Joseph D. Vasco Jr., second highest ranking official of the Prince George's County police department, denied in federal court today that he helped stage a series of robberies in 1967 in which two suspects were shot and killed and others arrested by waiting police.
Asked repeatedly by attorney Barnet D. Skolnik, representing plaintiffs in a $9 million civil rights lawsuit against police, if it was considered proper in 1967 for police to instruct informers to recruit participants for crimes, Assistant Chief Vasco answered, "That would not be proper."
Families of the two slain men, plus two other men arrested in the so-called "death squad" incidents, sued Vasco and two other police officials after published reports of the allegations in The Washington Post in 1979.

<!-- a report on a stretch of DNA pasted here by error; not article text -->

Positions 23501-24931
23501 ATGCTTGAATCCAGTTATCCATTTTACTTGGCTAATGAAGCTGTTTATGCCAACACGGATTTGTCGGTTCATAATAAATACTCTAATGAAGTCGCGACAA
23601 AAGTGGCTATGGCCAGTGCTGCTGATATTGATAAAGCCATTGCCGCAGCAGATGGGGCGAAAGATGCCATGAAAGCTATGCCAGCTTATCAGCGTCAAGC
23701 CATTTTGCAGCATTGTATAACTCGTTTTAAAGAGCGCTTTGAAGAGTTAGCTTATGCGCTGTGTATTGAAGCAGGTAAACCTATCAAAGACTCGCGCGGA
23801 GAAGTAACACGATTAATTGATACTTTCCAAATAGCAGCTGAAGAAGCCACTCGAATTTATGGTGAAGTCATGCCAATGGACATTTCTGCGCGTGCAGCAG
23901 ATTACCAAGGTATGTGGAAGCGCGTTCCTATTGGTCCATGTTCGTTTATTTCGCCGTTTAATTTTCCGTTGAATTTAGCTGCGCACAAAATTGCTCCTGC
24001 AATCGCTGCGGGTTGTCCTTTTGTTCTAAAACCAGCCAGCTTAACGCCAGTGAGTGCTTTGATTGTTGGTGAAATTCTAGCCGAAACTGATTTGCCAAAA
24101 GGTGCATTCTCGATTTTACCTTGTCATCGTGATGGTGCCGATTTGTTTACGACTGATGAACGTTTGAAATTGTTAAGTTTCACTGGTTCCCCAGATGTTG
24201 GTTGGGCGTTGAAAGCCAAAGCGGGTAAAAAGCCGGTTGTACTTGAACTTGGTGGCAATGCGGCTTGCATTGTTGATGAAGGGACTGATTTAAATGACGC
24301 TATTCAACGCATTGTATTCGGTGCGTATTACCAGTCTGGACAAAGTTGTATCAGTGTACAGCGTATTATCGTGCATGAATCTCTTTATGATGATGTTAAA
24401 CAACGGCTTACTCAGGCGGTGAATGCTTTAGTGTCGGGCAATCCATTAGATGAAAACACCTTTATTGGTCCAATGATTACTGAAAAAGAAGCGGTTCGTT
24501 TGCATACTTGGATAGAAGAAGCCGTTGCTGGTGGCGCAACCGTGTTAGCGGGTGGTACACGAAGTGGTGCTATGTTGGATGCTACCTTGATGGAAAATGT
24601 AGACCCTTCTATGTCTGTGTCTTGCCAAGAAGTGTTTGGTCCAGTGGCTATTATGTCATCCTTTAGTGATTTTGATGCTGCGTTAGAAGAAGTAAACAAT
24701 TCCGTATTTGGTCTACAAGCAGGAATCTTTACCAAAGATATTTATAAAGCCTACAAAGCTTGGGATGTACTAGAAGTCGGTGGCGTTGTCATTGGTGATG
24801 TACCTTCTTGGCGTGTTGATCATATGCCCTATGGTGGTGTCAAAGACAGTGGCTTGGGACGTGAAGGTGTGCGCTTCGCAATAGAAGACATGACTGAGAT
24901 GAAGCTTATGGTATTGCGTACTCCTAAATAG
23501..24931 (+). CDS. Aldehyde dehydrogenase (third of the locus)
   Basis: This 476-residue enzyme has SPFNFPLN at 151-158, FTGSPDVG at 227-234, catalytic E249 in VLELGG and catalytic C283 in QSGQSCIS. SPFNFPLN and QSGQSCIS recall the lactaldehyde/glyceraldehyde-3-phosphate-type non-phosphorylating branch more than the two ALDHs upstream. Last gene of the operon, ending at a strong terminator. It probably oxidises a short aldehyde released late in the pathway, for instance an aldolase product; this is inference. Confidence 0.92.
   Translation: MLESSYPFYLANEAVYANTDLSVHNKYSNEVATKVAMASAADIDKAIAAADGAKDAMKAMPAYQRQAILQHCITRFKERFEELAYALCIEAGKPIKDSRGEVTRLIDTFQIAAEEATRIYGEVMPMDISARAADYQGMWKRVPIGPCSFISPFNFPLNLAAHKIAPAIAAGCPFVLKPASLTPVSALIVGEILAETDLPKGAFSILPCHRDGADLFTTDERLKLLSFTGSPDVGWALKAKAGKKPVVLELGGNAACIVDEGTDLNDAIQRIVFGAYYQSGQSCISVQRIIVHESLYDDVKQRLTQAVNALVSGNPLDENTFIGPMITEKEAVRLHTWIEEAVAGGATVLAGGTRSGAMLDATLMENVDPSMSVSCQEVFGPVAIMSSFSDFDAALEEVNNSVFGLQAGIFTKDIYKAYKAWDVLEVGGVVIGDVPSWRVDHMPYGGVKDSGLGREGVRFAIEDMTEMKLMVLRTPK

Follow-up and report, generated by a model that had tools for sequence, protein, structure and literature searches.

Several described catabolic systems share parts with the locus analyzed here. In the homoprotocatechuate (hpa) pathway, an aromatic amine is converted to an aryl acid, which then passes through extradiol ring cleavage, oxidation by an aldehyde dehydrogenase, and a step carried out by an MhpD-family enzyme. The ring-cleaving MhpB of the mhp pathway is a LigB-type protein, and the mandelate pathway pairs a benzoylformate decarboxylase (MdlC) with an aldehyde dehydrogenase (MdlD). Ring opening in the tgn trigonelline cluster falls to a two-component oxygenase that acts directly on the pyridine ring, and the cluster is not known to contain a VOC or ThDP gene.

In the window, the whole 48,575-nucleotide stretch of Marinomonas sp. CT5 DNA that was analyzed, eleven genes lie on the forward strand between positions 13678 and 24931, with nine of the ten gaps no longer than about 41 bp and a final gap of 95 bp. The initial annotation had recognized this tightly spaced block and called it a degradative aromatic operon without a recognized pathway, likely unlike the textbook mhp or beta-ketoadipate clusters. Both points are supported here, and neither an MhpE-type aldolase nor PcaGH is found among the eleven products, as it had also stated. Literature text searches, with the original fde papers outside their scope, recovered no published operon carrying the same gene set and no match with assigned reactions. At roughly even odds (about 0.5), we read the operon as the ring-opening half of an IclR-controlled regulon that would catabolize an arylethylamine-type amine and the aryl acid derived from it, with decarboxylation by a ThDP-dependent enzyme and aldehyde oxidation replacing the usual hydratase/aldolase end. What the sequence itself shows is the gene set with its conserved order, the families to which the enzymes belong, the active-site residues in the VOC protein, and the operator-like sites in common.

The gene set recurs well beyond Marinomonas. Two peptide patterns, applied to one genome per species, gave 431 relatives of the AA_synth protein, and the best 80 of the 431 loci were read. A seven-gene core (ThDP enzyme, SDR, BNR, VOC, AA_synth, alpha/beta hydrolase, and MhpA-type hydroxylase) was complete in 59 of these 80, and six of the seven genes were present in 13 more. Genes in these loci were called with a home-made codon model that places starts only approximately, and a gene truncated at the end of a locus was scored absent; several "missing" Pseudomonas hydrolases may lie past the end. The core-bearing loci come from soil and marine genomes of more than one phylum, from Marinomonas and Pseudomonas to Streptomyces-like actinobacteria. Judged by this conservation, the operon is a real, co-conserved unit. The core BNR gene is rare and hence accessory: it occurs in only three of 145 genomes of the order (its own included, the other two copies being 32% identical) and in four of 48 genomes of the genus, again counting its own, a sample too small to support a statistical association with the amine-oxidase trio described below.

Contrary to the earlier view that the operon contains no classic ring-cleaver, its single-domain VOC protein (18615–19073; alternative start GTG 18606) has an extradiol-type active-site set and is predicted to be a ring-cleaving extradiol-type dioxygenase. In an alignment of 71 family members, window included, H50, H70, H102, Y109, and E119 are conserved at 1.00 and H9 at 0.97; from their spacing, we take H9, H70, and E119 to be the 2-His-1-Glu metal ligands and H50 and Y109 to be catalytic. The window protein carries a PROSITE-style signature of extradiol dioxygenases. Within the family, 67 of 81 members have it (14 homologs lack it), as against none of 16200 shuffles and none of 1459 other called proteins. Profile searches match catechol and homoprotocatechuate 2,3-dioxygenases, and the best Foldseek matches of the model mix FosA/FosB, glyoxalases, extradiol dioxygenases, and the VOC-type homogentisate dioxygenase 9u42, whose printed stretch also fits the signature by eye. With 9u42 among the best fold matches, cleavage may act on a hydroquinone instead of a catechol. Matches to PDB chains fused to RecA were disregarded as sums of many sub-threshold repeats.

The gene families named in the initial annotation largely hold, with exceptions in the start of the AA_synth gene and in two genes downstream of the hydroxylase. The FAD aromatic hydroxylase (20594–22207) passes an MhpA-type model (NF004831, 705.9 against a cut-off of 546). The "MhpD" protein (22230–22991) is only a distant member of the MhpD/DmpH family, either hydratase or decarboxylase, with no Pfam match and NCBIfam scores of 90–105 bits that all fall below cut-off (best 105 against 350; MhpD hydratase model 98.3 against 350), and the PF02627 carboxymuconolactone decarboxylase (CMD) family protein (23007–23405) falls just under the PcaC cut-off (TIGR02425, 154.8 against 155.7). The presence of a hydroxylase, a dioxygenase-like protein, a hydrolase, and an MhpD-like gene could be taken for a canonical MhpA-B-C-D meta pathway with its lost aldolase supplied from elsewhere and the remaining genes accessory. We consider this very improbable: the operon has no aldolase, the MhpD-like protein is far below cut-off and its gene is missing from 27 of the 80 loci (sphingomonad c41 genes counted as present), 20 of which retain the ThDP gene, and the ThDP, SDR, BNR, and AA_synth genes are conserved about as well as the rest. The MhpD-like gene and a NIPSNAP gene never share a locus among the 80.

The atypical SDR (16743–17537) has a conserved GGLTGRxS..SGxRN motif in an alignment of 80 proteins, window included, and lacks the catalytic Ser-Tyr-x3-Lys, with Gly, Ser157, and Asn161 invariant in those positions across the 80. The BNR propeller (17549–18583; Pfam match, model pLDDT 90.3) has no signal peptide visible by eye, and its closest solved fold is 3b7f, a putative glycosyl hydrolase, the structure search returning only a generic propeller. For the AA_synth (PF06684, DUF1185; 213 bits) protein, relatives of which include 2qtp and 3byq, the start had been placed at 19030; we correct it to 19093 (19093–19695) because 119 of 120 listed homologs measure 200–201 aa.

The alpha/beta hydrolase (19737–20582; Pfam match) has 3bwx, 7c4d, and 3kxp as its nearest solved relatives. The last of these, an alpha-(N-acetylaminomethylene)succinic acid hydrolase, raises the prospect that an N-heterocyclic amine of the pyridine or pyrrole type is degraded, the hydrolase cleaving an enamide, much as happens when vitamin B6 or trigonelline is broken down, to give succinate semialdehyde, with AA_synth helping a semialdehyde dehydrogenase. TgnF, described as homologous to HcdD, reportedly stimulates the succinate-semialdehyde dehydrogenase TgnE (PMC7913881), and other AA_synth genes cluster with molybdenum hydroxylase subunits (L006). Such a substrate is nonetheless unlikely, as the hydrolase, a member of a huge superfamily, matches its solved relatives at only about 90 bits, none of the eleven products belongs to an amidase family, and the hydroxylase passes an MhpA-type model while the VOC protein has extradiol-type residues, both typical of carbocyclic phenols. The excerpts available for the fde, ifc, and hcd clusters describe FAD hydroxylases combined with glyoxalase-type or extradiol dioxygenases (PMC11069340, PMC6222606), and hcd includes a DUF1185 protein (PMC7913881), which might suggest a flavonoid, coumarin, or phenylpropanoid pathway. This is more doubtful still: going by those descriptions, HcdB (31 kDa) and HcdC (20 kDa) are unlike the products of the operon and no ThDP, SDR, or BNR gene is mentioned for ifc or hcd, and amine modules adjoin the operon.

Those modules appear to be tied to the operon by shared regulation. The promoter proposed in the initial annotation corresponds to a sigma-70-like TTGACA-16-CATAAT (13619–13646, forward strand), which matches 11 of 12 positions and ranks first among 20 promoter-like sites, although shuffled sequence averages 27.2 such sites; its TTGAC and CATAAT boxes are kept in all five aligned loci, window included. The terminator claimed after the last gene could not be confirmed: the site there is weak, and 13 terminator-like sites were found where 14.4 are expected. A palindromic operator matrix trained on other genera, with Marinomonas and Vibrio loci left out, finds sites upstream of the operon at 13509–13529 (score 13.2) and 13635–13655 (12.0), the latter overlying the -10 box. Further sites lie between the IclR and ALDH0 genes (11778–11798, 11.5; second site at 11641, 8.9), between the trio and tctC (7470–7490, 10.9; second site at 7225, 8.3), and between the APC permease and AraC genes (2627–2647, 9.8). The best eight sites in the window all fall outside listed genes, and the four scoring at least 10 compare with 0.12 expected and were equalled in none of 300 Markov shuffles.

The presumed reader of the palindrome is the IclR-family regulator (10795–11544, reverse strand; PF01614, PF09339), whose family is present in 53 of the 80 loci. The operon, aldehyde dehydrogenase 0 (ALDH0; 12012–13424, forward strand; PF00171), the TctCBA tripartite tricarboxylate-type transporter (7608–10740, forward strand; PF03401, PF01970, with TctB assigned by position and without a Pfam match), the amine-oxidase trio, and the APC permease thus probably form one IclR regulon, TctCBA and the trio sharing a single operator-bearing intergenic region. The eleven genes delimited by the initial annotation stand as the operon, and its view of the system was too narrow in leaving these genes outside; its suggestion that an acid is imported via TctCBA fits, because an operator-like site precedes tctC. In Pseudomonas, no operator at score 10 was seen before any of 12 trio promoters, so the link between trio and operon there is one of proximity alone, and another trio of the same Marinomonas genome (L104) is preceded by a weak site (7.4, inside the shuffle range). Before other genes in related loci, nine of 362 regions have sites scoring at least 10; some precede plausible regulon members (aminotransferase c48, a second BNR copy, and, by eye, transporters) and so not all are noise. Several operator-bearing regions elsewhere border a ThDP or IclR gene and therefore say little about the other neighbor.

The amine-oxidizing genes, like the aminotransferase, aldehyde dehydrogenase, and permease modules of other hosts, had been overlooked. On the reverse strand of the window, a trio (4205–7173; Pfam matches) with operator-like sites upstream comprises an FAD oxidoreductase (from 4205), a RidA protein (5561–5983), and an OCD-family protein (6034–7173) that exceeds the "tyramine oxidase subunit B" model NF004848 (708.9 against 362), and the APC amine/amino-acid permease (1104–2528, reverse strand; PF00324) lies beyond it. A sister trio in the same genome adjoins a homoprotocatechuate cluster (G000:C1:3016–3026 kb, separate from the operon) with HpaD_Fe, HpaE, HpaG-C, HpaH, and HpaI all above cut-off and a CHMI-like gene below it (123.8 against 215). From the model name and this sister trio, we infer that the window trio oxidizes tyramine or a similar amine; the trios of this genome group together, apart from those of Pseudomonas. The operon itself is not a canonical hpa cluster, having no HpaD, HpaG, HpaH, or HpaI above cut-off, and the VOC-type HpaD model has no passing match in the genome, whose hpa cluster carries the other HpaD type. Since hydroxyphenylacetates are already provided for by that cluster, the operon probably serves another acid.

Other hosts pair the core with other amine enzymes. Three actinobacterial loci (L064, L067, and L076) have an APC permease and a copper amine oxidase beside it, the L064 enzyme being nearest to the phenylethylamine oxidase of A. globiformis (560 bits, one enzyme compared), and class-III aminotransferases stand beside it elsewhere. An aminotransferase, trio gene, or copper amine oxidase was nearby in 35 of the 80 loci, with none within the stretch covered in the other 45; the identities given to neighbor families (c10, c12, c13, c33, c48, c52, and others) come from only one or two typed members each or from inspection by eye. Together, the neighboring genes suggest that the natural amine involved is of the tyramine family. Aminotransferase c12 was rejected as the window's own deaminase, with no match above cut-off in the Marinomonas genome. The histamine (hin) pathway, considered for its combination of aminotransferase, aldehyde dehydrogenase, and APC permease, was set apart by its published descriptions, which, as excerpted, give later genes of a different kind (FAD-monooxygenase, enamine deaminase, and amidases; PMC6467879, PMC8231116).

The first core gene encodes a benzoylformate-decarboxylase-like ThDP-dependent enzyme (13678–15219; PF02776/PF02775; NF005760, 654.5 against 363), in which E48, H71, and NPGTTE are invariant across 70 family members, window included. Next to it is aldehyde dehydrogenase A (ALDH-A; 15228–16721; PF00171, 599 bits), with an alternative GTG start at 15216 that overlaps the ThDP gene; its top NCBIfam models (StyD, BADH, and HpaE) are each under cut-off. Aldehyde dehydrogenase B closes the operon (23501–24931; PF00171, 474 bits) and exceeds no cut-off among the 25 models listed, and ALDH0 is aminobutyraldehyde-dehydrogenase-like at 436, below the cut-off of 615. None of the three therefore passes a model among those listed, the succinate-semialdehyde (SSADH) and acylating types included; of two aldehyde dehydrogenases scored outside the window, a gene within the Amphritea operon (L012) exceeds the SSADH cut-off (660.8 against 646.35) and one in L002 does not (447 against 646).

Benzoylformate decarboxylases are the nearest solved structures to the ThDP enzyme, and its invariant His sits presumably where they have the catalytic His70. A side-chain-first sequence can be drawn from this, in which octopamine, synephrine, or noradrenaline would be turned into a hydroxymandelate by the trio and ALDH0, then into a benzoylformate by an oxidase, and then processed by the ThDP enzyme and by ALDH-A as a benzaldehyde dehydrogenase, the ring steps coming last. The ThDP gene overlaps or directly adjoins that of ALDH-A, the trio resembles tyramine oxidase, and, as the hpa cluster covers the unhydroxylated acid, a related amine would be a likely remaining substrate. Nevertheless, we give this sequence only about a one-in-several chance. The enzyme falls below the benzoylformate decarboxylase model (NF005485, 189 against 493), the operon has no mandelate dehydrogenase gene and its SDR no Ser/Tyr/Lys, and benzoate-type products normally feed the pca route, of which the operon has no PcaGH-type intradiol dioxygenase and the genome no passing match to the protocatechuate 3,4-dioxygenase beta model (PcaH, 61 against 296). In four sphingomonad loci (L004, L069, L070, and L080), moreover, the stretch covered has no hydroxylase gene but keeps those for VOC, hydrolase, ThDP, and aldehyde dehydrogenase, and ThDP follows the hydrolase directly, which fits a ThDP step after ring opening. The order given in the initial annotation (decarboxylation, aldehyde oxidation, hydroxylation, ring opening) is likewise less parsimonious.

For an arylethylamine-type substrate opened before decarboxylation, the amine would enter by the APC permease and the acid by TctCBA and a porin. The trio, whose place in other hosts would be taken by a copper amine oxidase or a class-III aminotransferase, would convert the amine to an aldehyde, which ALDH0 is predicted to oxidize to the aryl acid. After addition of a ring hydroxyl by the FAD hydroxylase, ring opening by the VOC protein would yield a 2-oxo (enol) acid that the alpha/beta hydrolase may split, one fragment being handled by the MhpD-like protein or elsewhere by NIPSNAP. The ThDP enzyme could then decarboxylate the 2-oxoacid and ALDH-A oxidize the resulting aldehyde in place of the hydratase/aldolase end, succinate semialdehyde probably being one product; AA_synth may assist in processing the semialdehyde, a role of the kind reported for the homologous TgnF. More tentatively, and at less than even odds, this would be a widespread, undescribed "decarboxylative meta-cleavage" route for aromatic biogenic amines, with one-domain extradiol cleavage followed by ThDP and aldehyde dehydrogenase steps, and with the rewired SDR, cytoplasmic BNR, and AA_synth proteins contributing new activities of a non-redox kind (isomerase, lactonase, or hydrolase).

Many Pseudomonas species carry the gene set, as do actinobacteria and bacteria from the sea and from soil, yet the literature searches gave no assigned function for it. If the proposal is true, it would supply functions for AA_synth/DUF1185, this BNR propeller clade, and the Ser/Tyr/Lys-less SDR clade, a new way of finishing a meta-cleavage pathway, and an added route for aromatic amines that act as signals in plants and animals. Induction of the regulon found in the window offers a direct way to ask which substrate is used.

Plaintiffs accused Vasco, Capt. James Fitzpatrick and retired major Blair Lee Montgomery of rigging a series of five robberies and burglaries of convenience stores in 1967 by directing informers to recruit acquaintances for the crimes in exchange for help in getting pending charges against the informers dropped.
Police have denied the accusations, saying the informers came to them with tips about planned robberies and burglaries. Detectives then routinely staked out the targeted stores, police said.
Vasco acknowledged that in some cases, detectives suggested specific times and locations for robberies that informers told them were being planned. He said police suggested late-night hours or geographically remote sites to minimize harm to innocent passersby who might get caught in a cross fire between staked-out police and criminal suspects.